The Thais are extremely status conscious when it comes to exchanging gifts. Heaven forbid they should lose face by giving anything but the right brand, especially to a superior! An equally horrible scenario is to receive a gift from someone you haven’t
bought one for.
This year I’ve worked hard on my shopping list. Who did I absolutely have to buy something for? For me, the old adage, “It’s better to give than receive”, rings true. I actually do enjoy giving gifts.
In the past I’ve gone to some extraordinary lengths to find “just the right” gift… not that my efforts have always gone appreciated. Back when I was married to my ex-wife, I combed the planet to find an out of print book
that we had both read as children, called Danny and the Phoenix. This was way before the days of the internet I might add. My near Herculean efforts paid off though and I tracked down a used copy
in pretty good condition. Did Sawadee receive oohs and ahs? Did he receive in fact just an appreciative smile? Did he receive a Bill Cosby-like sweater? Alas, just a lump of coal on my stocking from Santa. Another year I tracked down a copy of
her favorite move, My Brilliant Career. Ho-hum! Yes, it is a good thing that it’s better to give than to receive. My children were (and still are I might add) gung-ho on the spirit of receiving.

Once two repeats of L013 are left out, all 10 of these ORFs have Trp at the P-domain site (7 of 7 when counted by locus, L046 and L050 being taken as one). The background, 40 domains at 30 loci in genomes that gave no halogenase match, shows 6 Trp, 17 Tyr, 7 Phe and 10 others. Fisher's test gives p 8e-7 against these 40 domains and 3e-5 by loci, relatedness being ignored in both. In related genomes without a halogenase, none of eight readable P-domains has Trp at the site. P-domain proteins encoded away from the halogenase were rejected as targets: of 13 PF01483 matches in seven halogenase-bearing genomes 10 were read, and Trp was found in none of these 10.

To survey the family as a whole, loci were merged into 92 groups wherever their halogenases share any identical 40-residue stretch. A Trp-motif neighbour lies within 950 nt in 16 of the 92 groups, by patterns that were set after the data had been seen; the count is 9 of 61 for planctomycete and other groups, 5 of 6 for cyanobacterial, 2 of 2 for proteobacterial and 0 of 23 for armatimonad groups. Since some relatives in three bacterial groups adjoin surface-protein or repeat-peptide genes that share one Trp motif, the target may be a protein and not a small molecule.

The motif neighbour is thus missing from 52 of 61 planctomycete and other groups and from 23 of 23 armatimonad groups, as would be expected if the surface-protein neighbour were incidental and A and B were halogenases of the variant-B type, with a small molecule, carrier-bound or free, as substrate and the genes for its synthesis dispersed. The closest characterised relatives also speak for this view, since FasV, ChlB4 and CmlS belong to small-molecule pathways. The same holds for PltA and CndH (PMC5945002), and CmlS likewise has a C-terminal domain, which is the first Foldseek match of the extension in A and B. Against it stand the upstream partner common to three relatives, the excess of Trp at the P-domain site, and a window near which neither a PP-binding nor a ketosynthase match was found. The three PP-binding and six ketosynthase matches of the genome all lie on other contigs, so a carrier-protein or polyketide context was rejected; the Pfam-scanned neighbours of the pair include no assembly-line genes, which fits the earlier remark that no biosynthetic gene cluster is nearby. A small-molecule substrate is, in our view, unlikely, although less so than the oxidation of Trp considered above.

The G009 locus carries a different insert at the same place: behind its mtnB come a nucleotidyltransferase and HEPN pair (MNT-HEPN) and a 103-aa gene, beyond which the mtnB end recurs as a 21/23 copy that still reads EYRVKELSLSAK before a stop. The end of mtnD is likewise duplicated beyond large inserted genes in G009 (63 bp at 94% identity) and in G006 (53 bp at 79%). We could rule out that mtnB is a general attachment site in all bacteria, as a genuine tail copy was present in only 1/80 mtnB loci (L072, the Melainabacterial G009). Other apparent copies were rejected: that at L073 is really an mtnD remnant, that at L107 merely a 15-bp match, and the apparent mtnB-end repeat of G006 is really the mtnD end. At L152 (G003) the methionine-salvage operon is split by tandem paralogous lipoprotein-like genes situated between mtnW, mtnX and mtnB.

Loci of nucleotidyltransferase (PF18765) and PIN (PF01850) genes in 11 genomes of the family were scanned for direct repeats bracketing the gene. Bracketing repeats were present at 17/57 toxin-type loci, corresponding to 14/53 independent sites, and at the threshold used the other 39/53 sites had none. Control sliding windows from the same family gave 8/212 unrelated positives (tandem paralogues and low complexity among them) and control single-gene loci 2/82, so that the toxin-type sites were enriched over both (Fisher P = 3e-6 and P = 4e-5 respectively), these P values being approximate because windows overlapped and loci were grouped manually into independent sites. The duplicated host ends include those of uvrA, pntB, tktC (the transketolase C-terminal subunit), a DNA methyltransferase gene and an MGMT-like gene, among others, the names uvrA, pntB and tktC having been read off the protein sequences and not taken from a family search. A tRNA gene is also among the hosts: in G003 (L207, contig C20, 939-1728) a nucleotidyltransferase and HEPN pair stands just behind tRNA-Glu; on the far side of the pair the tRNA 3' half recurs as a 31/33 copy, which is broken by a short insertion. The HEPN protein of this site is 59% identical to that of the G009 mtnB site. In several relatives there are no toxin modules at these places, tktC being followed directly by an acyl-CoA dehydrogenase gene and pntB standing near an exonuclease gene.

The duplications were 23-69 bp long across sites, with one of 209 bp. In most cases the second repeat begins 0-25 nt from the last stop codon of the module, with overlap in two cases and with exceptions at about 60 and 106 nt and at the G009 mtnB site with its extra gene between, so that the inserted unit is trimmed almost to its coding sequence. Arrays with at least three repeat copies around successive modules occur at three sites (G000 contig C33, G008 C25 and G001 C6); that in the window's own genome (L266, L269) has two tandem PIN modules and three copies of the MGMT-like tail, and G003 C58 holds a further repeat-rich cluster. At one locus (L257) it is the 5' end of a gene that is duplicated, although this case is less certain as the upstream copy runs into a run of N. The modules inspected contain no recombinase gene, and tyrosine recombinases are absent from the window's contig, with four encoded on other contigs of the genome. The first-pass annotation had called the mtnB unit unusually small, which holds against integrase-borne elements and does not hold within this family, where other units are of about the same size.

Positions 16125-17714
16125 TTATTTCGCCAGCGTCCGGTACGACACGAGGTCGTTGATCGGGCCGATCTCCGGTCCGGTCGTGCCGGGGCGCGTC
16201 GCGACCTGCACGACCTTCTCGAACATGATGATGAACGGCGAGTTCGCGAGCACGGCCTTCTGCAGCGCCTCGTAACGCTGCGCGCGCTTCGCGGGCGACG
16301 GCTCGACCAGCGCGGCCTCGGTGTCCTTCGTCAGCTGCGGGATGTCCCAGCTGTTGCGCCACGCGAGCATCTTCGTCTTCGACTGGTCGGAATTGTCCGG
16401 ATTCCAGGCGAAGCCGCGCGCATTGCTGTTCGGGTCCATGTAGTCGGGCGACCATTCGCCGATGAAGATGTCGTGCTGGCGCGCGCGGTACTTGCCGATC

Old Dad is still a sucker you might say, but I still enjoying giving gifts.
My Thai wife, having grown up as a dirt-poor farmer’s daughter has never had much experience with gifts. She never had enough spare baht to buy a Coke until she was in university! When we were first married, I often bought her some lovely things.
Her response was always, “You shouldn’t spend so much money!” She is the only woman I know who doesn’t want any gifts. She’d just rather have money in the bank for a rainy day…or more farmland
to put into cultivation. She did like the Icelandic wool sweater I bought her, and the down booties. She still has them though almost ten years later. I never told her how much the sweater cost. She would have had a fit if she knew that
I spent over $100 on it.